Apostolic succession.

by K.W. Leslie, 14 January 2021
APOSTOLIC SUCCESSION æp.ə'stɑ.lɪk sək'sɛ.ʃən noun. The action, process, or sequence of inheriting a title and office in church leadership, founded by one of Christ Jesus’s first apostles.

Jesus sends his apostles on various missions, and in so doing, many times these apostles start ministries. Sometimes a church or denomination. Sometimes hospitals and hospices, schools and universities, shelters, charities, or whatever Jesus tells ’em to start.

Sometimes the apostle’s job is to only start this ministry, then move along to the next task; Paul of Tarsus obviously did that with churches and schools. But a lot of times it’s to run the ministry for the rest of their lives. Or until they reach a point where they can’t physically do it anymore, and have to retire. Does this mean the ministry is over? Occasionally yes; the apostle kinda was the ministry, and without that apostle it becomes a shell of itself. (Or worse, a mockery.) But if Jesus wants it to keep going, he’ll send other people to keep it going. Ideally he sends another apostle: Someone he instructs to pick up where the last apostle left off, maybe with a vision to take the ministry even further.

But Jesus doesn’t always have to do this. Because many an organization is built to keep running, even after its founders are gone. True of governments; true of businesses and schools; true of ministries. If its director steps down, one of the assistants—who’s often been doing the bulk of the director’s work anyway—can step in and keep things going, and hire people to do the assistant’s old jobs. Or the organization’s trustees hire a competent successor. Might be an outsider; might be the founder’s spouse or child. Regardless, this person succeeds the original leader, and the organization keeps right on ticking.

With anything Christian, of course people feel we have to have some veneer of spirituality attached to everything we do. It can’t just be us hiring a successor; it has to be God’s idea. Even if it wasn’t really. Even if the ministry was only supposed to last as long as the apostle did, and God’s ready to do something else… but the people on the apostle’s team don’t want things to end, and the next best thing to propping up the apostle’s corpse and tricking people into thinking she’s alive, is to prop up the ministry and do the very same thing. Why, God clearly wants it to continue! Look, the successor has the anointing!

Anyway. The way apostolic succession is meant to work, is where Jesus sends an apostle to start a ministry, then sends another apostle to succeed that first apostle. The apostle Apollos probably started the church of Ephesus; the apostle Paul found it, then spent two years training the new Christians; Ac 19.1-10 he left the apostle Timothy behind to lead this church for a few years; 1Ti 1.3-4 and after Timothy, the apostle John led it for a few years himself. If Jesus wants a ministry to keep going, he’s gonna personally appoint people to run it. He’s not gonna let the ministry’s internal machinery keep it going; he keeps it going.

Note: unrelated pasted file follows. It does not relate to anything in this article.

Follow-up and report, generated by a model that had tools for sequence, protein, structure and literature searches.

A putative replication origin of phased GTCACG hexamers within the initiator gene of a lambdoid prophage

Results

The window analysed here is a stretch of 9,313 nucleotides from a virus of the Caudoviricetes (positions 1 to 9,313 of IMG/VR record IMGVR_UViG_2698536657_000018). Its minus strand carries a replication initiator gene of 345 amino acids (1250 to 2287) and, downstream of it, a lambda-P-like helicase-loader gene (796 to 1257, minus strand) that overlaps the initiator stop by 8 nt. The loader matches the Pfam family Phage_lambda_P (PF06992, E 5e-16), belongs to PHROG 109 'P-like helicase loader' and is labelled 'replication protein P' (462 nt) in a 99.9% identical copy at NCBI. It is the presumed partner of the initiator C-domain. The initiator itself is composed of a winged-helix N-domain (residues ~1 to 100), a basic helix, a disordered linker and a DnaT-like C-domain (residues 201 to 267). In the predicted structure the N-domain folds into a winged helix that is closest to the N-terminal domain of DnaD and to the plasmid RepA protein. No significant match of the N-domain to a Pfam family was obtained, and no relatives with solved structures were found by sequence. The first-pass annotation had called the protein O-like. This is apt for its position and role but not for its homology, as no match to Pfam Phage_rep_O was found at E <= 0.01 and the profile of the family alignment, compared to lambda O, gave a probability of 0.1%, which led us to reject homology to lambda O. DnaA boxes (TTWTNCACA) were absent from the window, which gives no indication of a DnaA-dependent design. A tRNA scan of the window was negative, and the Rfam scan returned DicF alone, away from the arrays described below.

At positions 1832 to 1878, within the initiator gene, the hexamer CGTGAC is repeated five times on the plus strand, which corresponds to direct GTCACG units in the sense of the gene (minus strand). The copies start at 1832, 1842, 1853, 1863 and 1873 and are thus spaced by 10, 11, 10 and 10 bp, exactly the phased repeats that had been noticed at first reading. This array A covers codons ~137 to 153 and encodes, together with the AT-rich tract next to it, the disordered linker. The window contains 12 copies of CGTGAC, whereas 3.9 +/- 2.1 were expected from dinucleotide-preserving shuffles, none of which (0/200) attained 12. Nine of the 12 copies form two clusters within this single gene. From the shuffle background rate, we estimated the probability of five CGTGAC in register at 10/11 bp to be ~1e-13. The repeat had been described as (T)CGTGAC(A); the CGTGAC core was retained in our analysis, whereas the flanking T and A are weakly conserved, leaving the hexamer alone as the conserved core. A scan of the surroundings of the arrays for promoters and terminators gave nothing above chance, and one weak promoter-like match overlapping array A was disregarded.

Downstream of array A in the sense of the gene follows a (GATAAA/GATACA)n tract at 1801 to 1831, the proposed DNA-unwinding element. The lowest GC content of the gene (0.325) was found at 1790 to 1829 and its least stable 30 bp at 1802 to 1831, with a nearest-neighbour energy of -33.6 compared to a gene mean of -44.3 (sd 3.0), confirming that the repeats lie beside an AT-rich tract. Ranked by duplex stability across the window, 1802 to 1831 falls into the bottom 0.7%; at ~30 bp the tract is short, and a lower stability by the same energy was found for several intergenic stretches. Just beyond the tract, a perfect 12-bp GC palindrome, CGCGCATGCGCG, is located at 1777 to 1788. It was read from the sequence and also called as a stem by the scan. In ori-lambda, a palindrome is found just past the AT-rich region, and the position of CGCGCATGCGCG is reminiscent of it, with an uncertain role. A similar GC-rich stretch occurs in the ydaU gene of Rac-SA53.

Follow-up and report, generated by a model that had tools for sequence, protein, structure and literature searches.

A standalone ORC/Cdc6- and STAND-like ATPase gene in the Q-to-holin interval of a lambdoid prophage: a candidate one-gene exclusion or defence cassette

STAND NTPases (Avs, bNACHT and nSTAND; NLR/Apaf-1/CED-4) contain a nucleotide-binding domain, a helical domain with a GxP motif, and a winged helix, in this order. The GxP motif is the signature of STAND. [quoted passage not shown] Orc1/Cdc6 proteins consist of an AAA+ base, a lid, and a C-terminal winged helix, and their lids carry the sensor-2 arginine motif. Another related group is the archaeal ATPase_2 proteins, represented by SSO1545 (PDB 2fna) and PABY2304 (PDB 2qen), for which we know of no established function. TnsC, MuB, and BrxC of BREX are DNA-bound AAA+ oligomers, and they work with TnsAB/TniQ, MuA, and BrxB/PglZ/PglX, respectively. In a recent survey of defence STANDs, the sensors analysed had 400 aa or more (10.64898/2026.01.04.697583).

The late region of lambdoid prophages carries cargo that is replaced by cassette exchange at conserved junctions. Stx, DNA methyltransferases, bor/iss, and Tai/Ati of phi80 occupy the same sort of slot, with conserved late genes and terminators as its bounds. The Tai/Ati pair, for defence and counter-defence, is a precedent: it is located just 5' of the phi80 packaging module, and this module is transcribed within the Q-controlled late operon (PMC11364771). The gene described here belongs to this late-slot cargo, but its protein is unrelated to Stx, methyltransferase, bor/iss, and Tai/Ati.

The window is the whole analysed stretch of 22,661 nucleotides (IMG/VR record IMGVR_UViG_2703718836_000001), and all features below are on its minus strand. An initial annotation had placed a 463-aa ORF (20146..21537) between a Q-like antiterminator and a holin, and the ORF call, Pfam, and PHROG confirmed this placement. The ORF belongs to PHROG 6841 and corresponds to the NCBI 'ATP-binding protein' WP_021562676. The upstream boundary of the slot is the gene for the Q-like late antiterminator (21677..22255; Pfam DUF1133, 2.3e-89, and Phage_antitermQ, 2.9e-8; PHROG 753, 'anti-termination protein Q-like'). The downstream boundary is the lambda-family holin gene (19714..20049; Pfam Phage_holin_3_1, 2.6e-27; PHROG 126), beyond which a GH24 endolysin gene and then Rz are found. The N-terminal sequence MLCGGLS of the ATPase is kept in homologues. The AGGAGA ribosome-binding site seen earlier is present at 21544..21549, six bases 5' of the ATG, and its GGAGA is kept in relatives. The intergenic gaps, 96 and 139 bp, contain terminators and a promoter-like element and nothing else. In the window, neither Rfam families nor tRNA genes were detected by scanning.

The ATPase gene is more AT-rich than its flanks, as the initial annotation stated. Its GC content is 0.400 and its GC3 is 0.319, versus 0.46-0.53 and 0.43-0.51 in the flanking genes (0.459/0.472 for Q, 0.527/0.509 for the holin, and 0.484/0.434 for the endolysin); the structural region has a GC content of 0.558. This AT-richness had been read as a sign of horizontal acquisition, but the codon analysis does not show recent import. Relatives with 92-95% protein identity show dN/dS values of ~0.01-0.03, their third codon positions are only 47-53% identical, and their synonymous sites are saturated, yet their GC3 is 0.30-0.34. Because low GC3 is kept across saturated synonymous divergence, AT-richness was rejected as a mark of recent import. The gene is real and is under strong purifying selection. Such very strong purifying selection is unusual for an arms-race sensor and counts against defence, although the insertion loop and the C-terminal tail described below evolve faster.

And those churches which believe in apostolic succession, believe that’s kinda what happens. Not just anybody gets tapped to lead their ministries: Again, it’s gotta be God’s idea, and his appointed successor.

But we’ve seen plenty of cases where an incompetent, unqualified, corrupt, godless, foolish individual gets put in charge of one ministry or another. Something in the system broke down. And it certainly wasn’t Jesus.

There’s a certain amount of prestige to a ministry when it’s founded by a well-known apostle. Simon Peter, Francis of Assisi, John Knox, John Wesley… all these guys were definitely chosen by God, and people recognize the ministries and churches they founded are definitely part of God’s will. But for this reason, there’s a great deal of glory given their successors. If you’re the current pastor of a church founded by a great saint, surely there must be something special about you. (One would hope!)

So if you’re the president of a school founded by D.L. Moody, or the bishop of a church founded by Barnabas and Paul themselves, or the head of a denomination founded by Martin Luther, you must either be worthy of their greatness, or some of their greatness musta rubbed off on you. In churches who are really big on apostolic succession, they believe this in quite a literal way: Their first apostles blessed, laid hands on, and commissioned their successors to continue their work. In so doing, they passed down the charge Jesus originally gave them—in a long, unbroken chain to the present-day office-holders. Ergo Pope Francis has the very same commission Jesus gave Simon Peter to oversee the church of Rome. (And of course all the other churches connected with it.)

Why churches make a big, big deal of it.